This study demonstrated a correlation between some types of TBI and suicide risk in adolescents; it did not, however, show a causal relationship between concussion and suicide. Brenda Goodman and health writers like her remind us that when it comes to psychology news, it’s important to go beyond the headlines and look at the original research.

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Lisa Firestone Presents CE Workshops

Firestone_LisaPAR author Lisa Firestone will be presenting two continuing education workshops in Boston, Massachusetts in December.

The workshops are sponsored by the Massachusetts School of Professional Psychology and highlight the topics of suicide treatment and prevention and working with high conflict couples.

“The War Within: Working with Suicidal Individuals” will be held December 6, from 9 a.m. to 4:30 p.m. This course focuses on giving more extensive training to practitioners in the treatment of suicidal clients.

“Transforming War Between Intimates: Working with High Conflict Couples” will be held December 7, from 9 a.m. to 4:30 p.m. Focusing on Gottman’s research on the predictors of longevity in a relationship, this course will discuss styles of relating and how couples can challenge behaviors that interfere with closeness and longevity.

For more information or to register, click on the course descriptions above.

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Two new studies focus on veterans and suicide

According to a new survey by the Iraq and Afghanistan Veterans of America (IAVA), suicide is one of the most important issues facing this generation of veterans, with 37 percent of respondents saying they know a veteran who has committed suicide and 45 percent know of an Iraq/Afghanistan war veteran who has attempted suicide.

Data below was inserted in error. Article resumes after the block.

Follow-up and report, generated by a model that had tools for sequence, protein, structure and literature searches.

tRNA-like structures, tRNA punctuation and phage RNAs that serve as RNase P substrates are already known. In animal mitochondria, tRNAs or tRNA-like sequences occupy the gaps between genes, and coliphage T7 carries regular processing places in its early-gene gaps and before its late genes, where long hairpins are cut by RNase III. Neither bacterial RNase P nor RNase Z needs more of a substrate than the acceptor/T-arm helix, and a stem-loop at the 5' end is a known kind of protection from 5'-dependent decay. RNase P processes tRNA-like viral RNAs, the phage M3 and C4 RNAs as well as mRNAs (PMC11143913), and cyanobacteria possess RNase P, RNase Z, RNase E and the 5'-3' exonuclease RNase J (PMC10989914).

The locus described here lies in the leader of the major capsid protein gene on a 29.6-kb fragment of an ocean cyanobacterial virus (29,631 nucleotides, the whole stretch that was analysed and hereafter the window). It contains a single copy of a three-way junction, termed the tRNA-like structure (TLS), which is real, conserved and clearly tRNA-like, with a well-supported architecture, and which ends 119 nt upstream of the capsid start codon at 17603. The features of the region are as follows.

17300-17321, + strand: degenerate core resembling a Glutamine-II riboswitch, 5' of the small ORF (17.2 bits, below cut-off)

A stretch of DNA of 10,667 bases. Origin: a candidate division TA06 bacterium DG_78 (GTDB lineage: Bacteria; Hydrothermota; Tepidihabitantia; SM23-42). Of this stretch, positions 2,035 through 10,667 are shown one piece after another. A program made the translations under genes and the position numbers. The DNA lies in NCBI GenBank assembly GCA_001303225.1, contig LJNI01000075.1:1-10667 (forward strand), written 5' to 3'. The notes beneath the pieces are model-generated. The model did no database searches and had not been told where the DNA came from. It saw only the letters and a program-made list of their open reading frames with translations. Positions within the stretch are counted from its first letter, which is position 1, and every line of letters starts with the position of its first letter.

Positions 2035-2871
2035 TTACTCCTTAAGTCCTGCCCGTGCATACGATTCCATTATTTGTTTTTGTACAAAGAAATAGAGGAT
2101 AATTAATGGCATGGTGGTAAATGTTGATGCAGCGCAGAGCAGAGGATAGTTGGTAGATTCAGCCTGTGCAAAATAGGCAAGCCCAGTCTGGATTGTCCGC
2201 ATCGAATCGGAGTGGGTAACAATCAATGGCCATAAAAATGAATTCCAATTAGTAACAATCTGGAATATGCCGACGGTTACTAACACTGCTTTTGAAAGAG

Furthermore, nearly one in three veterans have considered taking their own life and 63 percent of vets say they have a friend who they feel needs mental health care. Half of respondents have had people close to them suggest they seek mental health care (19 percent of those individuals did not seek care, with most of those people stating that they were concerned it would affect their career or would make their peers perceive them in a different light).

On a positive note, 93 percent of individuals know that the Department of Veteran’s Affairs offers a suicide helpline, and 91 percent of vets say they have recommended that their friends seek out mental health treatment.

In an unrelated study published in The Journal of the American Medical Association (JAMA), researchers from the Naval Health Research Center found that the rising number of suicides in the military may not be caused by deployments to Iraq and Afghanistan. Instead, they believe that untreated depression, manic-depressive disorder, and alcohol abuse are much stronger indicators that an enlisted individual will commit suicide. For more information about the study, visit JAMA.

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Non-Medical Prescription Drug Abuse Linked to Depression and Suicide in College Students

The Centers for Disease Control and Prevention (CDC) is calling painkiller use in the U.S. a “public health epidemic.”

A new study found that non-medical drug abuse is linked to depression and suicide in college students. Keith Zullig, PhD, from West Virginia University and Amanda Divin, PhD, from Western Illinois University conducted a study analyzing non-medical drug use among college students and its relationship to symptoms of depression.

Zullig and Divin analyzed data from the 2008 American College Health Association National College Health Assessment (ACHA-NCHA). ANCHA-NCHA asked 26,000 randomly selected college students from 40 campuses in the U.S about their non-medical drug use including painkillers, stimulants, sedatives, and antidepressants, along with their overall mental health in the last year.

The study, entitled “The Association between Non-medical Prescription Drug Use, Depressive Symptoms, and Suicidality among College Students” appears in the August 2012 issue of Addictive Behaviors: An International Journal. Authors reported that 13 percent of respondents who felt hopeless, sad, depressed, or were considered suicidal were using non-medical prescription drugs. The results were especially apparent in college females who reported painkiller use. Authors suggest that these findings are the result of college students self-medicating to mask their psychological distress.